BayCare Hospitals Build COVID-19 Apparatus to Protect Health Care Providers
Homemade devices created by two BayCare hospitals to protect health care providers while treating COVID-19 patients are now being mass produced and will be used throughout the system. The devices are used during intubation, the point of highest risk for spread of the virus to health care personnel.
Intubation is the insertion of a tube through the mouth and then into the airway. Intubation is done so a patient can be placed on a ventilator to assist with breathing.
The prototypes, built by both St. Joseph’s Hospital and St. Joseph’s Hospital-South, are plexiglass boxes and were created almost simultaneously in recent weeks. The plexiglass box provides protection to the provider while the patient is supine (lying on their back). The dimensions of the box covers a patient’s head, neck and upper torso. The provider places their hands in two circular cut-outs in the plexiglass. Intubation can involve anesthesiologists, emergency room physicians, ICU physicians or respiratory therapists depending on the stage of the process or the location of the procedure.
The need for the device arose because of a desire to decrease virus particles from spreading throughout the room. Particles can be contained to the box. The box can also protect, preserve and keep clean the personal protective equipment (PPE) worn by providers. PPE includes gowns, masks and face shields.
Dr. Juan Carlos Abanses, a St. Joseph’s Hospital emergency room physician and chair of the hospital’s emergency preparedness committee, and Dr. Alexander Paloma, director of anesthesia at St. Joseph’s-South, both saw the boxes on the Internet. Abanses and Paloma went to work to create prototypes. Neither knew the other was working on a prototype.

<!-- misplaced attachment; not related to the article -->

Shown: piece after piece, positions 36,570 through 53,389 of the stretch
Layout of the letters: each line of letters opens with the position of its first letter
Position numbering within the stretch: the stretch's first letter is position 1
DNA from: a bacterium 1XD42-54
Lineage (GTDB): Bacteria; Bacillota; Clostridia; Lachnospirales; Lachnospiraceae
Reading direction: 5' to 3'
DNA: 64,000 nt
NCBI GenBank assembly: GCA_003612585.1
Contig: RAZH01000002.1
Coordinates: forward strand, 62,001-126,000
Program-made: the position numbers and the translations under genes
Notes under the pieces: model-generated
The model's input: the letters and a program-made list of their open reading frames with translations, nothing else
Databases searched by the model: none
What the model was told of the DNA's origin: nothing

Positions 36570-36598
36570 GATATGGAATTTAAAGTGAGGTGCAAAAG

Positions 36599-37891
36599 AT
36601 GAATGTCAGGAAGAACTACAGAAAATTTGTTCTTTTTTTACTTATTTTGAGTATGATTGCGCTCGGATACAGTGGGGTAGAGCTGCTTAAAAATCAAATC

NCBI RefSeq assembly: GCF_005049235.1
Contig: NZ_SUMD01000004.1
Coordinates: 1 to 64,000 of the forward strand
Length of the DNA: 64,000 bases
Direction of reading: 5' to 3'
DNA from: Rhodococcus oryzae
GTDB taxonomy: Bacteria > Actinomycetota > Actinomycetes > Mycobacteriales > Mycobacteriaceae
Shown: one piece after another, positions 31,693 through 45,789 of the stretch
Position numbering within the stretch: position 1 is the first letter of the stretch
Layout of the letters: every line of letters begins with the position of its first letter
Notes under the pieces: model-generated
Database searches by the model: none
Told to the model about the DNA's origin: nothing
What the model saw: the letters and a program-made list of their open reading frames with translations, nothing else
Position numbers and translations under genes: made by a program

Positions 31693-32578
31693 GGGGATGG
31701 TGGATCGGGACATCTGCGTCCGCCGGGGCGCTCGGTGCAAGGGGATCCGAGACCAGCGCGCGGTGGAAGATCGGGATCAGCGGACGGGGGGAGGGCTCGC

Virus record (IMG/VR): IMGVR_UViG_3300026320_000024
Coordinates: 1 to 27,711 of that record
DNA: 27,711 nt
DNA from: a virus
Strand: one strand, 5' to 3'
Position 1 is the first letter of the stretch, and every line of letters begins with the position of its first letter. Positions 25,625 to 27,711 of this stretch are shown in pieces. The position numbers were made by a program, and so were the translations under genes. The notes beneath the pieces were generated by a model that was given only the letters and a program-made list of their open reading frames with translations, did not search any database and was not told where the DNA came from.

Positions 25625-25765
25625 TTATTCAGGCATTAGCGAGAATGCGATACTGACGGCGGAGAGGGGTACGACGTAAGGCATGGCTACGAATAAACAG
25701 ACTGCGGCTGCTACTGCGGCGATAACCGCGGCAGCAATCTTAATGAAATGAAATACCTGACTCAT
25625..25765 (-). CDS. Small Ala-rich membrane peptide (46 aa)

“This is an example of the medical community all over the world coming together,” Paloma said. “There was a critical need and we rallied quickly. It was quite beautiful to see the sharing of ideas all over the world. The medical community helps one another out and is not selfish. I’m proud to say I’m a part of it.”
Abanses was assisted with the prototype by St. Joseph’s Hospital team members Christopher Perry, a maintenance technician, and Richard Traina, a carpenter. Paloma was assisted by Andres Santana, anesthesia supervisor at St. Joseph’s Hospital-South and BayCare anesthesiologist Dr. Adam Gorberg. At one point, Perry and Santana both worked on the separate prototypes in their garages. The tools and components are simple – plexiglass, a table saw, clamps and epoxy.
“The level of protection that the box can provide is very good,” Dr. Abanses said. “It prevents secretions from going up into the air and towards the provider. “It effectively can block the virus at the point of greatest risk of the virus floating up into the air and infecting everyone in the room by confining it to the intubation box. And there is no restriction to what the provider has to do with their hands. The provider can maneuver a scope in one hand and a tube in the other.”
One challenge Abanses and Paloma both mentioned was changing the box dimensions to accommodate the size of Americans. Many of the examples they saw on the Internet were designed in Asian countries. Both modified their prototypes for the typical American patient population. They also had to consider the size of the health care provider while customizing their boxes.
The boxes were tested using mannequins and eventually approved for use by BayCare.
Dr. Mark Vaaler, vice president and chief medical officer for St. Joseph’s Hospital-South, St. Joseph’s Hospital-North, South Florida Baptist Hospital and Bartow Regional Medical Center, is overseeing the intubation box project.
He said it was decided to mass produce the boxes so they could be manufactured and distributed quickly to hospitals.
“One very positive outcome from this process is that we are helping a local business keep their staff working,” said Michael Neely, director of facilities management for BayCare’s East Region. “The contractor helping us was able to call back laid off workers to help.”
Vaaler noted the ingenuity and innovation involved in coming up with the prototypes.
“A lot of credit has to go to our innovative clinicians and support staff,” Vaaler said.
In addition, Paloma and Santana are working on a second design for a larger box with a side opening to accommodate a ventilator during operating room procedures.